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What Is Truth? (Hint: Not Facebook)

August 30, 2016 by  
Filed under Book Club, Sarah Reinhard

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Life of Christ (Week 21 of 27)

This book continually makes me marvel and appreciate our faith and our Savior all the more.

In this week's chapters, I found myself facing people who I related with, who I knew, who I have been.

Pilate was one of those who believed that truth was not objective but subjective, that each man determined for himself what was to be true. It is often the fault of practical men, such as Pilate, to regard the search for objective truth as useless theorizing. Skepticism is not an intellectual position; it is a moral position, in the sense that it is determined not so much by reason as by the way one acts and behaves. Pilate's desire to save Jesus was due to a kind of liberalism which combined disbelief in Absolute Truth with a half-benevolent unwillingness to disturb such dreamers and their superstitions. Pilate asked the question, “What is truth?” of the only Person in the world Who could answer it in all its fullness.

Life of Christ, Chapter 45, paragraph 26

It's interesting, isn't it, that Pilate wanted to rescue Christ, to save Him from His Passion? It was unjust, and Pilate couldn't see any reason for it.

“Pilate, not understanding how anyone could die for truth, naturally could not understand how Truth Itself could die for those who erred,” Sheen writes in the next paragraph.

I've seen it in my own home, with my own kids. I've threatened that if that elusive kid named “Not Me” shows his (or her?) face, he (or she!) will be in biiiiig trouble.

Pilate is, at best, half-hearted in his attempt to show justice, and the silence of Jesus is utterly beyond him.

I can see the thought bubble, hear the question mark… “But whyyyyyyyyy?”

What made Jesus do something so foolish, so stupid?

Well. Therein lies the beauty of our faith, doesn't it?

“Religion is not to be given to everyone, but only to those who are “of the truth,” Sheen writes a few pages later.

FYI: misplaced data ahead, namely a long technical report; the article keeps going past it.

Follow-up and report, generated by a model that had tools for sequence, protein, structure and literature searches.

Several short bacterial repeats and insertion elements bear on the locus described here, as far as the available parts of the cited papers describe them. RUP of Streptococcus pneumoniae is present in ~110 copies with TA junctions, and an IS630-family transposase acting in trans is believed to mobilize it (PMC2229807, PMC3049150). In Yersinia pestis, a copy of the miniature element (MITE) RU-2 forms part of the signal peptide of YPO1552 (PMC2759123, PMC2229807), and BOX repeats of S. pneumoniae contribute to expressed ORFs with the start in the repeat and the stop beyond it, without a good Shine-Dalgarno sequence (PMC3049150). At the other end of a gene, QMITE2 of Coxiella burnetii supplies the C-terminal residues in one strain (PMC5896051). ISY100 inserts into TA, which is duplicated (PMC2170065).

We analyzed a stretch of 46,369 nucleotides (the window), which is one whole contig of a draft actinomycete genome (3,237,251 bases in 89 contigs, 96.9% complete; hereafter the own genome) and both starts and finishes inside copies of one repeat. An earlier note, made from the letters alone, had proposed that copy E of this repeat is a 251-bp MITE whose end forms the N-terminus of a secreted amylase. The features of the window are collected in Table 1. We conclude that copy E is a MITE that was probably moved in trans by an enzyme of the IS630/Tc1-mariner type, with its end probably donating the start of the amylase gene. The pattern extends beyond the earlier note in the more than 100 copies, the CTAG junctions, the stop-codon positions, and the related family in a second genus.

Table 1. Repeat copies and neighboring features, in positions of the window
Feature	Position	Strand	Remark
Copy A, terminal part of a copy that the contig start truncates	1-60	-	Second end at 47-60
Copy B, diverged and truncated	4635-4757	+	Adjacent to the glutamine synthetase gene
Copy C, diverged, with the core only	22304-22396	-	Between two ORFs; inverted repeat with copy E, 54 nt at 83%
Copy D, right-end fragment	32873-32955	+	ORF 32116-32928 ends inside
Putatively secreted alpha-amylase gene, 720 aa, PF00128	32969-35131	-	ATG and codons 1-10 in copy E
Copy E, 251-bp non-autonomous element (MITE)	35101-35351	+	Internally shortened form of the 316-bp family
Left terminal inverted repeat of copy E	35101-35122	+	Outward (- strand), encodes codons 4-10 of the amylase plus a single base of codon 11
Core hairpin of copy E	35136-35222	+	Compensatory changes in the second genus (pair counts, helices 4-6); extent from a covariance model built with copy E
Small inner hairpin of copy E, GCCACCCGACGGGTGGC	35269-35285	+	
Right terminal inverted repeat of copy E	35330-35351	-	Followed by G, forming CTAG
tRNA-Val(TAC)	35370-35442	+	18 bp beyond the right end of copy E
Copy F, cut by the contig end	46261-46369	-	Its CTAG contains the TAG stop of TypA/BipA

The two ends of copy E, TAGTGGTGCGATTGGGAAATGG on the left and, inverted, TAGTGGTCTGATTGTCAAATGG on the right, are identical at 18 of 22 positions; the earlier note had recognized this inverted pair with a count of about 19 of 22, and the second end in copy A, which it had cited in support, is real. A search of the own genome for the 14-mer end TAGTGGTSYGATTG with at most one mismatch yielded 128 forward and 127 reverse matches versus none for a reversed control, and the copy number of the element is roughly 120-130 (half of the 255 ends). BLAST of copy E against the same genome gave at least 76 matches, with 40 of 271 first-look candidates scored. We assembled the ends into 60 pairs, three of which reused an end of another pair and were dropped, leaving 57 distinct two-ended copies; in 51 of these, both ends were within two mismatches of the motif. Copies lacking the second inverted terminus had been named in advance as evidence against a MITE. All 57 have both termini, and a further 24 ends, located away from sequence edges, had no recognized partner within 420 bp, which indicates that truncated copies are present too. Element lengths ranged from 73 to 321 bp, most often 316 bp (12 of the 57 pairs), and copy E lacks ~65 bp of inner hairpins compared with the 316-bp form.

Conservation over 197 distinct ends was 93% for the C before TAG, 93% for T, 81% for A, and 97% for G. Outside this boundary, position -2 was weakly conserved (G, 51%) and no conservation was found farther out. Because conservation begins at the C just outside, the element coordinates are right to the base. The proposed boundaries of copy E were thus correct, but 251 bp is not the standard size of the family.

Growing up, and then growing beyond my upbringing, I felt that I had escaped the bonds of religion. Not until nearly a decade later did I see it for the gift it is.

Consider also this truth: “It is the way of the world for those who have small hates to bury them for the sake of a higher hate. Nazism and Communism united because of a common hatred of God; so did Pilate and Herod.”

For me, this seems to be glaringly true especially in an election year in the vast wasteland of Facebook. Suddenly we lose all sense of decency, manners, and compassion.

The scribes and Pharisees have nothing on the folks in my old Facebook feed!

On one hand, there are people who rage about this issue or that, and how this or that candidate has his or her priorities completely wrong. On the other hand, there are people on the exact opposite spectrum.

And then there are the people who make fun of everyone and everything.

I can't help but wonder, in the midst of all this, when we stopped caring about capital-T Truth, when we allowed ourselves to be so distracted by the tone of culture that we began to act as though we hate the Divine, in the name of righteousness and right-ness.

And yet, we must not hate ourselves so much that we despair. Take the example of Judas:

Judas' disgust with himself was vented on One Who made him uncomfortable by His Goodness. The hatred against Divinity is not the result always of unbelief, but very often the effect of antibelief. Conscience, Christ, and the gift of faith make evil men uneasy in their sin. They feel that if they could drive Christ from the earth, they would be free from “moral inhibitions.” They forget that it is their own nature and conscience which make them feel that way. Being unable to drive God from the heavens, they would drive His ambassadors from the earth.

The Life of Christ, chapter 46, paragraph 2

Consider, as Sheen does, that both Peter and Judas repent. The word used in Greek, though, indicates something much different: Peter actually had a change of heart, but Judas only felt badly for what happened.

As a mom, I see this all. the. time.

Something valuable and precious, broken. A child, sobbing.

Is she sorry because she broke the beautiful thing, that which was special and signified something to the owner? Or is she crying because she was caught red-handed and has to pay for the damages?

“The fruits of sin never compensate for the loss of grace,” Sheen reminds us. We cheat ourselves, not learning from Judas.

Just like Judas, I find myself sorry, disgusted with what my sin produces in me…yet, I still court the sin, hold it close, find myself sneaking back to it as though the forbidden fruit will do something other than poison me.

So, returning to our initial discussion of truth, where will you find Truth? How will you seek Him this week?

Reading Assignment:

Chapters 47-48

Discussion Questions:

1. What truth do you challenge and struggle with? This week, take it to prayer (Eucharistic Adoration, if you have it available to you) and ask God to guide you.

2. Is there a particular sin you struggle with? How might you change your approach to it and allow God to set you free from it?

Feel free to comment on anything from our assignment this past week!

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About Sarah Reinhard

Sarah Reinhard continues to delight ”and be challenged by” her vocations of Catholic wife and mother. She's online at and is the author of a number of books for families.

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